The very classical Labèque sisters in modern mode

by Michael Johnson Michael Johnson is a music writer based in Bordeaux. He contributes music commentary to Facts & Arts, International New York Times, Boston Musical Intelligencer, Open Letters Monthly and Clavier Companion, among others. He is a former board member of the London International Piano Competition. 11.01.2014
When Katia and Marielle Labèque, the French piano duo, brought their New York minimalist avant-garde show to Bordeaux recently (Jan. 10) I was afraid for them. True, their act was sugar-coated with some Arvo Pärt and an accessible piano composition by Philip Glass but it also included pieces by Brian Eno, Terry Riley, Radiohead and Glenn Branca’s “monstrously loud and audacious” Lesson No. 1, the program notes warned.

The audience, dominated by the usual gray-haired season-ticket holders, at first looked irritated, then mystified, then curious and intrigued by such unsettling sounds. This was not the Bach-Brahms-Beethoven diet of dead Europeans they were used to.

The Labèques and their band finally won them over, though, eliciting enthusiastic applause and scoring one more point for contemporary sounds in a traditional environment. Only a few walked out.

The concert was performed in Bordeaux’s new 1400-seat concert hall, a hollow, cave-like structure of blond wood and perfect acoustics.

The three-hour program lulled the traditionalists into acceptance by easing them into Erik Satie’s le Fils des Etoiles and Cage’s rather mild-mannered (for him) Experiences No. 1 pour Deux Pianos and other quiet pieces. The women performed to perfection, with the tranquility and precision that minimalism often calls for.

After an intermission, the mood changed radically.  The mischievous sisters brought on four casual rockers: Nicola Tescari on keyboard and electronics, David Chalmin on guitar, Raphaël Séguinier on percussion and Alexandre Maillard on bass. Chalmin, Tescari and Séguinier contributed their own boundary-stretching pieces to the program. Séguinier’s percussion work brought cheers from the audience.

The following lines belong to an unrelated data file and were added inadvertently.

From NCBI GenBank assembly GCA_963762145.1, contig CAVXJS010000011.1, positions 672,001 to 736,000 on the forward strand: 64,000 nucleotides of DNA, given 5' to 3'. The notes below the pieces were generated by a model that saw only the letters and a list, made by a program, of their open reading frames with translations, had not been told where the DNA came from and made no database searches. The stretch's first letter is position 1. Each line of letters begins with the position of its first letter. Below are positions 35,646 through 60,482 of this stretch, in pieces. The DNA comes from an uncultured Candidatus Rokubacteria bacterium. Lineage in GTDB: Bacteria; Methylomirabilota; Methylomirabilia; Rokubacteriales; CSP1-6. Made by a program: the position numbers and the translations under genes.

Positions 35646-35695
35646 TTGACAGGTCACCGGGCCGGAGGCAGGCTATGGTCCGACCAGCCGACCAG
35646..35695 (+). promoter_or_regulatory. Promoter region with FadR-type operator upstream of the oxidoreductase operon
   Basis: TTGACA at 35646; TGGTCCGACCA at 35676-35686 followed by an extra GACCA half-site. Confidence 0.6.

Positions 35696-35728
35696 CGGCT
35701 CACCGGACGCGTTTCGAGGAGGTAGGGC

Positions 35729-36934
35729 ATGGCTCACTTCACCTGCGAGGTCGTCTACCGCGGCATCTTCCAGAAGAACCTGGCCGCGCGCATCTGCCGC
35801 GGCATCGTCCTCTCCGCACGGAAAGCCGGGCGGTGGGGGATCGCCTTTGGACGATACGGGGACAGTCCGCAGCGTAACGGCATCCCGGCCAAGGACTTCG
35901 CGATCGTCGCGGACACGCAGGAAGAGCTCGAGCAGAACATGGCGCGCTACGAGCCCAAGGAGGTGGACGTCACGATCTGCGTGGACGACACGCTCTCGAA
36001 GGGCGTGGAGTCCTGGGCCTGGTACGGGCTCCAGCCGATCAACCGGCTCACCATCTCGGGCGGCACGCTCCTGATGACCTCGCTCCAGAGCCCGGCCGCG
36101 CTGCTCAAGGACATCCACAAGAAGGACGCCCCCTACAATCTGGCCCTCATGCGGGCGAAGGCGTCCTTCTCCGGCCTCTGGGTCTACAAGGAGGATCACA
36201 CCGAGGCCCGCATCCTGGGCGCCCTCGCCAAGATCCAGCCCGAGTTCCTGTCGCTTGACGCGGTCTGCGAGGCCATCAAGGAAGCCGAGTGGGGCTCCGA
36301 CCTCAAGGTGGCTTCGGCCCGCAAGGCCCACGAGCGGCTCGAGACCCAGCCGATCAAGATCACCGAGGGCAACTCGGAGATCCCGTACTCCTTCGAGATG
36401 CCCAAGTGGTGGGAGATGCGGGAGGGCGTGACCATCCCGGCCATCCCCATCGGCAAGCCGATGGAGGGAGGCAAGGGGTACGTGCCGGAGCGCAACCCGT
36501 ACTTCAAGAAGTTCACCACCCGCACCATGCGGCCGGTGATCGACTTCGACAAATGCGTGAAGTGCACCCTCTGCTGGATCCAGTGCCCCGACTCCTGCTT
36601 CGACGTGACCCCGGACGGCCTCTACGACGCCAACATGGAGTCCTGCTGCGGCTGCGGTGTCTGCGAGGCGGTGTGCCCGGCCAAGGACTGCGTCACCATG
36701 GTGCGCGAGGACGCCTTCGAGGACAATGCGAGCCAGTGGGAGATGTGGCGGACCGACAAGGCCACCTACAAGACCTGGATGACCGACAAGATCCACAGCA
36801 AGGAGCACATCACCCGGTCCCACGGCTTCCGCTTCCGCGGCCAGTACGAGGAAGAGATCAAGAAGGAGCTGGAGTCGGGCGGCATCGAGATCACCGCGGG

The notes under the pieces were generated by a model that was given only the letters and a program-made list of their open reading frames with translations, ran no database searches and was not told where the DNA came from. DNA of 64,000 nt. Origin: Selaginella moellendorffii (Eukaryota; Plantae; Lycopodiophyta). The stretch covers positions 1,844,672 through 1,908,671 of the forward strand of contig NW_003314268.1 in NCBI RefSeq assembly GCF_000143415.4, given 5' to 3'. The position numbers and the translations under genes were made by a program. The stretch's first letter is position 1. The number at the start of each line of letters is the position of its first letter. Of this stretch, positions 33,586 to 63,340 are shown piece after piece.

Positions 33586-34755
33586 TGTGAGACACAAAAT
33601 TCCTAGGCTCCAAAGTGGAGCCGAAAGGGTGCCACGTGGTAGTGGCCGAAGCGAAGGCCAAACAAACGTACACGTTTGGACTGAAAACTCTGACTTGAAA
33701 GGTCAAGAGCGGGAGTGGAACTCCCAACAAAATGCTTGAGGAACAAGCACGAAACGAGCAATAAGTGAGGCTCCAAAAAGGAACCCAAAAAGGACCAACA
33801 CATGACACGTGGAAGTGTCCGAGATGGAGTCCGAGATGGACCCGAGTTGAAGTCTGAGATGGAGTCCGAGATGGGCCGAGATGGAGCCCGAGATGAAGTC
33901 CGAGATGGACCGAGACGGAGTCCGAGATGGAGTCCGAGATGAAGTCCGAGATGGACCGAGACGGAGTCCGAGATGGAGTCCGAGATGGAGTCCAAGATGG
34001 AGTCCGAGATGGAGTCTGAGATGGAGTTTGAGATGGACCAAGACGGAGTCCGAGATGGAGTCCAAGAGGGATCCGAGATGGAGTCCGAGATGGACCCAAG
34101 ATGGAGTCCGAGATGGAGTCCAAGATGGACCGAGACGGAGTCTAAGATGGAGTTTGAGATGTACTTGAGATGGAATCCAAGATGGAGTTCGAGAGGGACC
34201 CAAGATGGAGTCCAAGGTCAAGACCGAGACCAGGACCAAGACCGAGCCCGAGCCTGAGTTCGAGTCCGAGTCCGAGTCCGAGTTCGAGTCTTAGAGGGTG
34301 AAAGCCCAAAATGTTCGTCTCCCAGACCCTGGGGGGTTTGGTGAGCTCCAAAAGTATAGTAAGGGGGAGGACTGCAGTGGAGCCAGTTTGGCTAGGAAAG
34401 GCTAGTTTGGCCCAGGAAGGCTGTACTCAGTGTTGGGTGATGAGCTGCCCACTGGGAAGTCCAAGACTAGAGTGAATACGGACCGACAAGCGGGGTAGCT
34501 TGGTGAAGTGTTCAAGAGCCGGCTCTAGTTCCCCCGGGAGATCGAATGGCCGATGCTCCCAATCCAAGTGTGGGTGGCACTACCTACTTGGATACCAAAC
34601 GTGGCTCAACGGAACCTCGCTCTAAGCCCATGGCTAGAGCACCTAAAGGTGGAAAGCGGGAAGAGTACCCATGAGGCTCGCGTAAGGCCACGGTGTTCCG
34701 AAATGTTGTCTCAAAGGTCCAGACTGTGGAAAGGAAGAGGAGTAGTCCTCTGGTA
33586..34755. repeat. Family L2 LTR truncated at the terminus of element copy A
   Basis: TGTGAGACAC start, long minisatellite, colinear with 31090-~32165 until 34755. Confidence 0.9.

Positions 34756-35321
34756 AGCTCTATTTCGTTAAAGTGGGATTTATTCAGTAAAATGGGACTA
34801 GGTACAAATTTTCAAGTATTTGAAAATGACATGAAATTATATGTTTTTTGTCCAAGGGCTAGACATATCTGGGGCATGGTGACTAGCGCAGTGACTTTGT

Marielle disappeared from stage for most of this phase, leaving her enthusiastic twin sister Katia to carry the piano part alone. Katia’s stomping, hammering attacks reflected her commitment to the untamed near-rock blasts from the band.

Katia helped sway the audience with a charming explanation of the 1950s-1960s minimalist movement and how important it is to accept experimental music today. She warned that part three of the evening was going to be even more experimental, and it was. The evening wrapped up with pieces by James Tenney, Henry Flynt the band’s own Tescari and in conclusion an electronic conceit by La Monte Young himself  (The Tortoise, His Dreams and Journeys), available here:

The program was titled “Minimalist Dream House” after Young’s concept for financing and developing avant-garde music. Also prominent in promoting the movement was Yoko Ono, prior to meeting John Lennon. Young, often cited as the creator of minimalist music, remains an active evangelist for it.  He would approve of Katia’s presentation. As he once said in an interview, “People don’t know what to think. You have to help them. You have to make work available to them in such a way that you give them keys that unlock doors.”

The program will be on the road this year, appearing in Antwerp and Los Angeles, worked in among a busy calendar of traditional music.

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